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6 experts and 2 parents have answered

Holly Seddon admin
Holly Seddon Editor-in-chief of Kent, UK

I love doing stuff like this with my kids! I think science lessons in schools ARE getting better (more interactive, more fun, more 'real world') but they can still be so focussed on teaching to a curriculum that they don't have the freedom to just 'do' science and just experiment as much as the kids (and probably the teachers!) would like.

So we 'play' with science at home. Two of my favourites are very simple.

Mixing cornflour and water to play with solids and liquids. The mixture pours like a liquid and sits like a solid. It's very odd to see.

The second is a bit more exciting: Mentos and Diet Coke. It's probably easier to watch the video than describe it, but you essentially add Mentos to Diet Coke and watch it erupt (video here) and then actual scientific explanation here. It is awesome.

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Experience 4 years ago
expert answer
Roberto Catanuto expert
Roberto Catanuto Teacher, Club Instructor CH
Education expert

Some time ago I bought a marvelous book from the Exploratorium Museum in San Francisco, CA. The title is "Exploratopia" and it is full-packed with hundreds of science rich and highly educational experiments.

Most of them can be replicated at home, with little effort by a child or teenager and an adult.

I suggest to use a light scientifically structured approach to the experiment:

  1. let the child make a prediction about what the outcomes will be
  2. prepare and run the experiment
  3. compare the predictions with the results

(eventually) 4. repeat the experiment as long as the discrepancies are little enough

I strongly recommend this book. It is a well-grounded introduction to the pleasure of science.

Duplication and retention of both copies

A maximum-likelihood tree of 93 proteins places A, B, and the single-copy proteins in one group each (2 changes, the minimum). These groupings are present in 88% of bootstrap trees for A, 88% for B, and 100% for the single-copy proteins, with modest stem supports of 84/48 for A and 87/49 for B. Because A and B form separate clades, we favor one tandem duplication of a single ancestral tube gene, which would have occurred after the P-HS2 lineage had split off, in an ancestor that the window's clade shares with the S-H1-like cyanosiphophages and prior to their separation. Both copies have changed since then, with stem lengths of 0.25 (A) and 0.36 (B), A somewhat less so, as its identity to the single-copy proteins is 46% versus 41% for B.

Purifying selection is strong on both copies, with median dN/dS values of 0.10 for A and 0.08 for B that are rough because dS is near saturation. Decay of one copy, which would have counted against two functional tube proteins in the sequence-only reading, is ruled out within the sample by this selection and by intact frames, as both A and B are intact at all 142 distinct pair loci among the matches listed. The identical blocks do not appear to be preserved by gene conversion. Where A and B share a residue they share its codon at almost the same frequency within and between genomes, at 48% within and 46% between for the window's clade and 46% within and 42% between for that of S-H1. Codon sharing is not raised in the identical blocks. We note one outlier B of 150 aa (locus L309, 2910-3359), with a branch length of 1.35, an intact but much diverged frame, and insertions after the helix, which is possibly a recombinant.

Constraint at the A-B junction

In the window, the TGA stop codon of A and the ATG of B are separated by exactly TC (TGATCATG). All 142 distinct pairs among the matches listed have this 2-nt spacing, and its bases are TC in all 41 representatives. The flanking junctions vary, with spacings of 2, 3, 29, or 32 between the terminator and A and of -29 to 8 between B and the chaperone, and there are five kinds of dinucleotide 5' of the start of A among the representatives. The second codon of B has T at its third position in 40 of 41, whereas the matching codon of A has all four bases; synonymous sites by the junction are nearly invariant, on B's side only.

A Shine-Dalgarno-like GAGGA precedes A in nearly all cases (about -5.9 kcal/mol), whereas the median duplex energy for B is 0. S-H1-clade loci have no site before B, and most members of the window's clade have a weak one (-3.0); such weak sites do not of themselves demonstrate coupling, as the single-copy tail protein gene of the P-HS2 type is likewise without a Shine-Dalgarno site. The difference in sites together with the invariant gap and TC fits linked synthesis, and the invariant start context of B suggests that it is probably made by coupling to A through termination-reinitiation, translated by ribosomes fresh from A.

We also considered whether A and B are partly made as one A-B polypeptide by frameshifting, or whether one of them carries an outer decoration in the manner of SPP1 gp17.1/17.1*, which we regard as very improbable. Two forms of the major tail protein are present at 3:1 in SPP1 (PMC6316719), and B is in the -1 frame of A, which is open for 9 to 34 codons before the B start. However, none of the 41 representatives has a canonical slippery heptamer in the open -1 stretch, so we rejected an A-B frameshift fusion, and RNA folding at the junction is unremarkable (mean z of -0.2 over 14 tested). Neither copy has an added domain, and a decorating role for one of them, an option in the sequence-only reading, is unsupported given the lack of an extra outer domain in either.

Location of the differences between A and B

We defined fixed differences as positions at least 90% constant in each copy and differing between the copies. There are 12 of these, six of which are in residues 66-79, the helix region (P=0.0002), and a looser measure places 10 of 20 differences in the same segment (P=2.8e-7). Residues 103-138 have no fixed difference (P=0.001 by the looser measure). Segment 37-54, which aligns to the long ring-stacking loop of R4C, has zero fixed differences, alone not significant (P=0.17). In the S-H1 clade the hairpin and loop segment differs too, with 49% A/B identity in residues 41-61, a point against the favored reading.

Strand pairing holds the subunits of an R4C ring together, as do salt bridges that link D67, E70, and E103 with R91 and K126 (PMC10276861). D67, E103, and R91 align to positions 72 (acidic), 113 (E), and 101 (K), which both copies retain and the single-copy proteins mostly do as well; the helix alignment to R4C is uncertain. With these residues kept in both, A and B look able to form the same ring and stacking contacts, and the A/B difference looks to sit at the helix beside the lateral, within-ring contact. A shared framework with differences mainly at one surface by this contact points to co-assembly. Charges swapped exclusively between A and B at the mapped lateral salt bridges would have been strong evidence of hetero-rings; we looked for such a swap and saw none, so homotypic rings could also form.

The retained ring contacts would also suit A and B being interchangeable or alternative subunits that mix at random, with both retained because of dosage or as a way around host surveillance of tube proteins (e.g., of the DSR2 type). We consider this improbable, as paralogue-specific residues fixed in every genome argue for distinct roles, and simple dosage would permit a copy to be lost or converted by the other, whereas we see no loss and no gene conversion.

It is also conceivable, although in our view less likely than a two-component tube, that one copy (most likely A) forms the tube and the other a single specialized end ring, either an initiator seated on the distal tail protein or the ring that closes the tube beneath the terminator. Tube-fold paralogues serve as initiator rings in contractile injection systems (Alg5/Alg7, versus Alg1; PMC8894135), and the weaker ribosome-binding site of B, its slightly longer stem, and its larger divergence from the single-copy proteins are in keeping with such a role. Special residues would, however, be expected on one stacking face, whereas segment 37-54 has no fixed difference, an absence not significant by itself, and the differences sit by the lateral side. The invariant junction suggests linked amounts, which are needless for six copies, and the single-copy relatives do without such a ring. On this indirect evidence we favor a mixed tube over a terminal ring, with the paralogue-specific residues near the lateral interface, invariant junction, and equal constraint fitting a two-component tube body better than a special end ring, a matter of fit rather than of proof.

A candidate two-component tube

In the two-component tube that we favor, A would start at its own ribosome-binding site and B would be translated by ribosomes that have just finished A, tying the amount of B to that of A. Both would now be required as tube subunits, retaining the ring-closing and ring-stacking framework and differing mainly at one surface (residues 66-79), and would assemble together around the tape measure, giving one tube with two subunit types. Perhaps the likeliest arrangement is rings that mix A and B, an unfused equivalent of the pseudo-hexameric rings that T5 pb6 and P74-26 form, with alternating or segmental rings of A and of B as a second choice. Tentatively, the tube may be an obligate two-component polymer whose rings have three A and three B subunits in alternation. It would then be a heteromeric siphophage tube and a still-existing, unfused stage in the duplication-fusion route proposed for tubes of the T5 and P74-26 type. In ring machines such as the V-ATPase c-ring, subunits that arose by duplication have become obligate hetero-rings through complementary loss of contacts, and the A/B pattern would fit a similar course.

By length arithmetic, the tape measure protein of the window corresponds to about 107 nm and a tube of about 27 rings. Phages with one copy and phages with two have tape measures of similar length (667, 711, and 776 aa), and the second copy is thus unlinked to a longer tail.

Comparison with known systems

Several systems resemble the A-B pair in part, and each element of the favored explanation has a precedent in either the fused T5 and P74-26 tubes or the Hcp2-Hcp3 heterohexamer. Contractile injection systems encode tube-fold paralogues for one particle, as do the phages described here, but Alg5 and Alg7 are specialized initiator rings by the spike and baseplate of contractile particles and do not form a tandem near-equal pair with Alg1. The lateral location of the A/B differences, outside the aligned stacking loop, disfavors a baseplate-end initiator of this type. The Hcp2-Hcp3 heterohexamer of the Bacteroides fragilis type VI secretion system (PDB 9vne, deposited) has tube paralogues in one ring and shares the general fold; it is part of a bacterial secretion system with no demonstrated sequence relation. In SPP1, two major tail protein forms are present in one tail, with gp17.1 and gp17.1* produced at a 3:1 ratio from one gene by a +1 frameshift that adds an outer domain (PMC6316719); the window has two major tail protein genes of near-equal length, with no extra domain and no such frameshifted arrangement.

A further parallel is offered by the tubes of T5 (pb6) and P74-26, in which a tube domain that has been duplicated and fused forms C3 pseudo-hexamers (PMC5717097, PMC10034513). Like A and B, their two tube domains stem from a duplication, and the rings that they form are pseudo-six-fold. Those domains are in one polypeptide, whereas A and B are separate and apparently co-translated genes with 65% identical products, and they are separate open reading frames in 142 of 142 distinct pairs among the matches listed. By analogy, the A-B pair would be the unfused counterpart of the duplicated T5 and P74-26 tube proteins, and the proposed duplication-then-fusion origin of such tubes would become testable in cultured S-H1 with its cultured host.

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Experience 4 years ago
expert answer
Richard Taylor expert
Richard Taylor Father of 4 boys & IT Consultant Bushmills, GB
Technology expert

wine glasses filled with differing amounts of water and making different notes when you rub your fingers round the top....

home-made waterwheel that is powered by the rain from the gutters.....

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Opinion 4 years ago
expert answer
Lorraine Allman expert
Lorraine Allman Author, Businesswoman, Mum GB
Careers expert

Children are naturally curious, so exploring events and possibilities with them can help their learning and ability to think creatively as well as give you as a parent an insight into how the world is viewed through their eyes!

Using basic kitchen ingredients just as Holly has suggested is quick and easy and most experiments kids can carry out themselves using items such as flour, eggs, vinegar, food colouring, salt, and water. Making salt dough, floating an egg, or creating volcano lava are my six year old's favourite ones!

If the experiment doesn't work or works differently to what's expected, talk with your child about what could be changed e.g. perhaps more salt in the dough, and encourage them to try again. There are some great online resources for easy science experiments at home too such as or

Older kids might enjoy the Science Museum's Kitchen Science booklet and if you have access to ABC TV channel there is an excellent science program called 'Backyard Science' they will love too.

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Experience 4 years ago
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Experience 4 years ago
expert answer
Terry Doherty expert
Terry Doherty Parent literacy expert US

I'll second Roberto's recommendation for Exploratopia:

My personalfavorite is Naked Eggs and Flying Potatoes by Steve Spangler. These are find-it-in-your-kitchen experiments.

We have a couple of other books we reviewed for the Reading Tub:

Crafty Inventions by Gerry Bailey:

Crime Scene Science: Detective Notebook by Andrea Campbell:

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Experience 4 years ago
expert answer
David Sheppard expert
David Sheppard school teacher GB
Education expert

My son has enjoyed some of the experiments in 'Crisp packet fireworks: maverick science to try at home'

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Experience 4 years ago

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